Blood sample analysis probed in Bisard case

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ALLEN COUNTY – In the closing hours of their case, prosecutors presented scientific evidence that they say proves David Bisard was drunk when he killed a motorcyclist in an on-duty crash three years ago.

A chemist testified that Bisard’s blood alcohol level was well above the threshold for a drunk driving charge. A biologist said the blood in the test tube belonged to the Indianapolis Metropolitan police officer.

The third week of the Bisard’s fatal drunk driving trial began in Allen Superior Court as the State began wrapping up its case and detailing IMPD’s own internal investigation into its handling of crucial blood evidence.

Bisard is accused of killing motorcyclist Eric Wells at East 56th Street and Brendon Way South Drive at 11:21 a.m. on August 6, 2010.

The IMPD K9 officer was responding to a search for a possible drug suspect on Indianapolis’ northeast side at the time of the crash.

Sgt. Sandy Storkman, who was assigned to the IMPD Internal Affairs Branch in the summer of 2010, led off testimony.

She confirmed the September 23, 2010, identification of Bisard’s Blood Vial No. 2 at the IMPD Property Room six weeks after the crash.

That blood vial was later moved to an unrefrigerated IMPD Property Room Annex in late 2011.

Seated at the defense table, Bisard seemed more animated, writing notes and following the testimony and attorney objections closer than in the earlier days of the trial.

Dressed in a gray suit and necktie and blue shirt, Bisard changes clothes every morning from an orange and white jumpsuit after he is led into the basement of the Allen Courthouse in downtown Fort Wayne from the county jail where he is being housed during the trial.

Storkman was followed to the stand by Sgt. Dawn Higgins who conducted a Department of Public Safety investigation into the handling of the Bisard blood vials in April of 2012 after it was discovered that Blood Vial No. 2 had spent several months in an auxiliary property room.

“I took control of the property,” said Higgins. “I opened neither one of them.”

It was that investigation, at the behest of then-Deputy Public Safety Director Ellen Corcella, that led Marion County Prosecutor Terry Curry to write a letter of protest to Mayor Greg Ballard three weeks later claiming that the case and the evidence had been potentially compromised by the handling of the blood vials in violation of a court order.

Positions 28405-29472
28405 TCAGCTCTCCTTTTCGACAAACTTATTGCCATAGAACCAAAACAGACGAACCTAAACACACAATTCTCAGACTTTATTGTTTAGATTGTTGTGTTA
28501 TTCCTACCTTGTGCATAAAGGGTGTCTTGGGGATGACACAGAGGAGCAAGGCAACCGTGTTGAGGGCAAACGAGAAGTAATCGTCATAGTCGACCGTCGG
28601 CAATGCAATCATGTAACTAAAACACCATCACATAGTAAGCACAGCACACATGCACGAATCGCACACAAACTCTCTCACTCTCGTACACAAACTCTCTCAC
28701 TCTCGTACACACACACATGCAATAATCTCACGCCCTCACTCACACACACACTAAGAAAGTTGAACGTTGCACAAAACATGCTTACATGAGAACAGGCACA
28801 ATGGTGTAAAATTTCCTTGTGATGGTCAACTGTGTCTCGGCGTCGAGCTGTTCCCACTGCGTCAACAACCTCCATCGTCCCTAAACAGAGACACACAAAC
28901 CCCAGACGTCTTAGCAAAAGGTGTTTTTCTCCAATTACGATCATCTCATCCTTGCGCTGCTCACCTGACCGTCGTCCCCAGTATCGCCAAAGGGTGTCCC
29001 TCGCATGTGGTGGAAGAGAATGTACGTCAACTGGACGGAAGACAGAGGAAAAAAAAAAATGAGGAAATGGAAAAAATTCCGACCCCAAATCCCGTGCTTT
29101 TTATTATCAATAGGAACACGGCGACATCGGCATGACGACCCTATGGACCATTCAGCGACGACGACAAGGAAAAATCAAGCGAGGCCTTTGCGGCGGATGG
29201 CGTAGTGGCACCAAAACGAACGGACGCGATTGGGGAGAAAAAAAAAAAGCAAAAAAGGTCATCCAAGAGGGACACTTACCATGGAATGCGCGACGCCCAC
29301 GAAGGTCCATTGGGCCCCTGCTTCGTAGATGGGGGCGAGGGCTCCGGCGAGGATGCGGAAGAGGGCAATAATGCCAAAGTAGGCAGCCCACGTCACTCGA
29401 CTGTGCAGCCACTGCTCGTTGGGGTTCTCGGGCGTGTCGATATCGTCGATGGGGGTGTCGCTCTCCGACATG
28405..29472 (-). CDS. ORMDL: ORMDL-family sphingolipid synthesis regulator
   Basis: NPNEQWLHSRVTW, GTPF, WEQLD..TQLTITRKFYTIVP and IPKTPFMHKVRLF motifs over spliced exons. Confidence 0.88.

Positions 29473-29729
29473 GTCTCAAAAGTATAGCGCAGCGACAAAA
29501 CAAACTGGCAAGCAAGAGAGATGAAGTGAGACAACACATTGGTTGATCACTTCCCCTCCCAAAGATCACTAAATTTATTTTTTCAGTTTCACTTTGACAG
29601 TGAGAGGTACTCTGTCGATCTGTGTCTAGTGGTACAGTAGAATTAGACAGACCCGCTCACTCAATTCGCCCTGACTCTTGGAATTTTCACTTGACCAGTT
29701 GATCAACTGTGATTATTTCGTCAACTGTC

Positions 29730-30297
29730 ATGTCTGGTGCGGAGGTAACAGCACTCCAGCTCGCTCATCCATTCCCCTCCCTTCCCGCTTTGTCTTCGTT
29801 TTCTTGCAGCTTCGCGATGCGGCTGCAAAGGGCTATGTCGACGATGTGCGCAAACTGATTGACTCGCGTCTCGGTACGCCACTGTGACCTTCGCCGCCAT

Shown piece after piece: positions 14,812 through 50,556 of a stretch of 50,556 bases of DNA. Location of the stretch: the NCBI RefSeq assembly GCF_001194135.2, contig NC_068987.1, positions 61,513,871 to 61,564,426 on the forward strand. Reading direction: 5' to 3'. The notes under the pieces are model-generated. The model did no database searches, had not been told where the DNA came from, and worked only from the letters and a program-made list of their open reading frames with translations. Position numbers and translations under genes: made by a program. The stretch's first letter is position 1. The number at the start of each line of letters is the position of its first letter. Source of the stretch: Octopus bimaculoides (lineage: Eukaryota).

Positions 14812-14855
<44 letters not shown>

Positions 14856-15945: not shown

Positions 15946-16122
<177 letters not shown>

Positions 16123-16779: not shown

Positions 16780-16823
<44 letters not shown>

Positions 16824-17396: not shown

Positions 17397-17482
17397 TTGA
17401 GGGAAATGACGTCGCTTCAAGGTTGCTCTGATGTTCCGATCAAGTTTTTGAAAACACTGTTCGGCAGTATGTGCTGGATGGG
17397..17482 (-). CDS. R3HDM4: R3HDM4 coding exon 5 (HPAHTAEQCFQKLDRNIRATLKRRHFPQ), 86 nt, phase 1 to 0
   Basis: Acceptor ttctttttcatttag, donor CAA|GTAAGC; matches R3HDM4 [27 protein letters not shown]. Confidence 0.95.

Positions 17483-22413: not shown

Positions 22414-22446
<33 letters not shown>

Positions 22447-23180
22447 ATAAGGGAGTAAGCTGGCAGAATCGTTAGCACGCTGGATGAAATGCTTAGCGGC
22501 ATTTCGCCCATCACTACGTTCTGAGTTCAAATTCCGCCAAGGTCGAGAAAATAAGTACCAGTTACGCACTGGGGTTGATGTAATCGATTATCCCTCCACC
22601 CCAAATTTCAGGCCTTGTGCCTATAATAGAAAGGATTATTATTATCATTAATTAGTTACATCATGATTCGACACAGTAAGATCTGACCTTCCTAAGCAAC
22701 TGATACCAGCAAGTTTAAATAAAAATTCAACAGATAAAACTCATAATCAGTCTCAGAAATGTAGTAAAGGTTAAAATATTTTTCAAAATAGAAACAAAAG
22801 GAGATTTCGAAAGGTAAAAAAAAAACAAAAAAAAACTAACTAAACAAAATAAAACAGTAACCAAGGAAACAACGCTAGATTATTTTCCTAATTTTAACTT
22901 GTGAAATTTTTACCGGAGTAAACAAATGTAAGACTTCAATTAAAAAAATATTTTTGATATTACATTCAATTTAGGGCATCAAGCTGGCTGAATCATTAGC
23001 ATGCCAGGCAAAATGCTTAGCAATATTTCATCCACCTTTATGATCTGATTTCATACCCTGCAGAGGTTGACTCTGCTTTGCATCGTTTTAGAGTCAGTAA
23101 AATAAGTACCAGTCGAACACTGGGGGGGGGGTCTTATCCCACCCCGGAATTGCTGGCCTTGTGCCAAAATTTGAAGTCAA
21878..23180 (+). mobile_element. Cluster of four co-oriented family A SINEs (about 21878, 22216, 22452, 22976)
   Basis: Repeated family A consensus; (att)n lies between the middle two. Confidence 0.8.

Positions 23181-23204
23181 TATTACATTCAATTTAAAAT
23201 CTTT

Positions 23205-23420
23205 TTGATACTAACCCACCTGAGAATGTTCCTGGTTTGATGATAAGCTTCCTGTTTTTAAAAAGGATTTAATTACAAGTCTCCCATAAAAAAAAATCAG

Higgins admitted she did not examine the evidence on behalf of the prosecutor’s office. An informant tipped off Curry to the internal investigation.

Higgins identified photographs of the evidence envelopes and blood vials previously obtained by Fox 59 News.

“Did you ever open the interior seal?” asked Deputy Prosecutor Mark Hollingsworth.

“No,” said Higgins, who identified her initials on the envelopes and testified the evidence never left the IMPD Property Room during her investigation.

Under cross examination, Higgins testified that she examined the blood vials because “we were checking to see if the items were properly refrigerated.”

Blood Vial No. 1 was always refrigerated. Blood Vial No. 2 was stored on a warm shelf for five months. The defense is trying to prove that the quality of the sample in the second vial was compromised. Multiple tests on both vials put Bisard’s blood alcohol level at 0.18-0.19, more than twice the legal limit to drive in Indiana.

Seated at the prosecution table is IMPD Crash Investigator Sgt. Doug Heustis, who was read his Miranda Rights by Higgins during a criminal investigation into the handling of the blood vials.

No criminal charges were ever filed.

During re-cross examination, Higgins confirmed that the evidence never left the control of the property room though it was moved between facilities.

Just before the mid-morning break, Surbeck and the attorneys conferred once again on the Court’s directive that inquiry into IMPD’s internal investigations be limited.